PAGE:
Mughal Judicial System
The Mughal Judicial System was robust and operated effectively. The emperor was supreme in all matters of justice. At the imperial level was the emperor’s court – the court of final appeal. It tried both civil and criminal cases, and had appellate and revisional powers.
There were separate courts for military matters.
Revenues casess were dealt with by courts set up specifically for the purpose. The imperial diwan presided over the chief revenue court. Appeals from revenue courts lay to him at the central level. At the provincial level was the diwan-i-subah who dealt with appeals against the amil’s orders. He also had original powers in revenue cases.
There was also a sarkar level judiciary who entertained appeals from the pargana amils. At the pargana level was the kachahri where petty municipal offences were tried.
The lower courts functioned hierarchically as follows in regard to civil and criminal cases :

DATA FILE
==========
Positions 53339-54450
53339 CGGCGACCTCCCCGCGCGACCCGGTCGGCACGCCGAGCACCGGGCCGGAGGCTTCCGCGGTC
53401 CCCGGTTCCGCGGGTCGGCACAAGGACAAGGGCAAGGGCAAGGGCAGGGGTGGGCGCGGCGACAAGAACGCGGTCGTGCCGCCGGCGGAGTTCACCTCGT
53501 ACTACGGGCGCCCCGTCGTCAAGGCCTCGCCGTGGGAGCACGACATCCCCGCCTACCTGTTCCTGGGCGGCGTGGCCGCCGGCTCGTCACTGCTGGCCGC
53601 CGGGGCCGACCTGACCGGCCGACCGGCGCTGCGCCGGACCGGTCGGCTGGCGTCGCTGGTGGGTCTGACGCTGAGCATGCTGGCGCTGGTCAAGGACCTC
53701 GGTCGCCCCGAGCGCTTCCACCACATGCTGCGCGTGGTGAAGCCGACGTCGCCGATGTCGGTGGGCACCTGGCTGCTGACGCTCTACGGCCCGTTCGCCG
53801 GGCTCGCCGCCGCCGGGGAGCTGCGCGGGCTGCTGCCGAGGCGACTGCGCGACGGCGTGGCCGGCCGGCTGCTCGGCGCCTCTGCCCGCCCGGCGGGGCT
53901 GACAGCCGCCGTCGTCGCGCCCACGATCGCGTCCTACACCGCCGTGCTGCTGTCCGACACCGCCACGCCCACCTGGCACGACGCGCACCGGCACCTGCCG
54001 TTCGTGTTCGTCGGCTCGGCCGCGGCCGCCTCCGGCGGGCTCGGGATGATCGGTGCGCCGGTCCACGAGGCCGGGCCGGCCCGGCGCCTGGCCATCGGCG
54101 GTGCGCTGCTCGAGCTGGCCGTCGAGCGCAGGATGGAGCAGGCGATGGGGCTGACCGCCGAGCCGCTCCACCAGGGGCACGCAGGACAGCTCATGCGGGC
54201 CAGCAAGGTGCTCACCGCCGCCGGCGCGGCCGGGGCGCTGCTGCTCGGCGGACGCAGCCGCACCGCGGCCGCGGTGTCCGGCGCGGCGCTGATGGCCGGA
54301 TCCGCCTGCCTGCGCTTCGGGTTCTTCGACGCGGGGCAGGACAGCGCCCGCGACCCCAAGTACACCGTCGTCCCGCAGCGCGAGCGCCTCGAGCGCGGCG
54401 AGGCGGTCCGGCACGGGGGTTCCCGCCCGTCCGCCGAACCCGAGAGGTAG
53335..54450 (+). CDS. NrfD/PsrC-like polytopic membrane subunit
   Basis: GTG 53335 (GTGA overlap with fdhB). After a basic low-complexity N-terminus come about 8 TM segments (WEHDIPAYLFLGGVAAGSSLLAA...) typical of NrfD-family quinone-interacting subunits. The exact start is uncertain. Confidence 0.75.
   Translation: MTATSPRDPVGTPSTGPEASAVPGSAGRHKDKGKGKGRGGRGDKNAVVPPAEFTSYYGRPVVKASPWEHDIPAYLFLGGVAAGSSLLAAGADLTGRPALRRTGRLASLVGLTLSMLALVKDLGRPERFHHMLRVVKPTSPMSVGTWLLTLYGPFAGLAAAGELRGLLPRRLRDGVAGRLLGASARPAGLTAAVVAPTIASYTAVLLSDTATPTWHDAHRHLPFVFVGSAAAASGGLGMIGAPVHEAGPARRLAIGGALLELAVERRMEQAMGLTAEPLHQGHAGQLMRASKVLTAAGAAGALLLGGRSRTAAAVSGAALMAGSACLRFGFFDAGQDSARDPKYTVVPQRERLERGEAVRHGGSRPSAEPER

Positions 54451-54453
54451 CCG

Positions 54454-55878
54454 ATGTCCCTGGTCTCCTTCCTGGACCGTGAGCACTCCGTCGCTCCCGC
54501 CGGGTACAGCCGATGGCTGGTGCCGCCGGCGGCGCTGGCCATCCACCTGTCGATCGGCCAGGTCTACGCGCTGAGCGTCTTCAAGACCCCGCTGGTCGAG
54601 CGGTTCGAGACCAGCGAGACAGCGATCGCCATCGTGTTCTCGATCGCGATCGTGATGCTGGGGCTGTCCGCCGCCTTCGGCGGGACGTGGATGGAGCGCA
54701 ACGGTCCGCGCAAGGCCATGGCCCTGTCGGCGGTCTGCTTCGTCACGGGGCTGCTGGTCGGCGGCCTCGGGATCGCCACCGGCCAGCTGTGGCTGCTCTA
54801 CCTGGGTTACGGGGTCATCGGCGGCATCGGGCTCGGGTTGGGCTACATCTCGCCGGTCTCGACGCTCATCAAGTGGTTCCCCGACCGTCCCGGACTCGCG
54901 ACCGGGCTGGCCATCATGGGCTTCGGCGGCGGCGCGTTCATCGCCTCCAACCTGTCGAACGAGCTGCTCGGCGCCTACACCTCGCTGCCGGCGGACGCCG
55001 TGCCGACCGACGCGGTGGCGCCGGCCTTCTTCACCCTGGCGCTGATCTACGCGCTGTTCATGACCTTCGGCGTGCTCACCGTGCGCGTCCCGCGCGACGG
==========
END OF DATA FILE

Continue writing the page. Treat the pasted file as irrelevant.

- Subah: At this level, there was the nazim’s court with original, appellate and revisional authority and the qazi-i-subah’s court which tried canon law cases.
- Sarkar: The district courts were presided over by the qazi-i-sarkar, from whose decisions appeals lay to the qazi-i-subah, and he faujdari adalat for law and order cases.
- Pargana – The adalat pargana had a qazi-i-pargana as its presiding officer, from whose decisions appeal lay to the qazi-i-sarkar.
As regards the administration of justice, only Islamic law was covered by the courts. The Mughal Emperor attended to through open court on a specified day of the week. Humayun is said to have introduced a system of judicial trumpets. Jahangir had installed a golden chain 28 meters long with 60 bells. Anyone could ring these bells at any time to seek justice.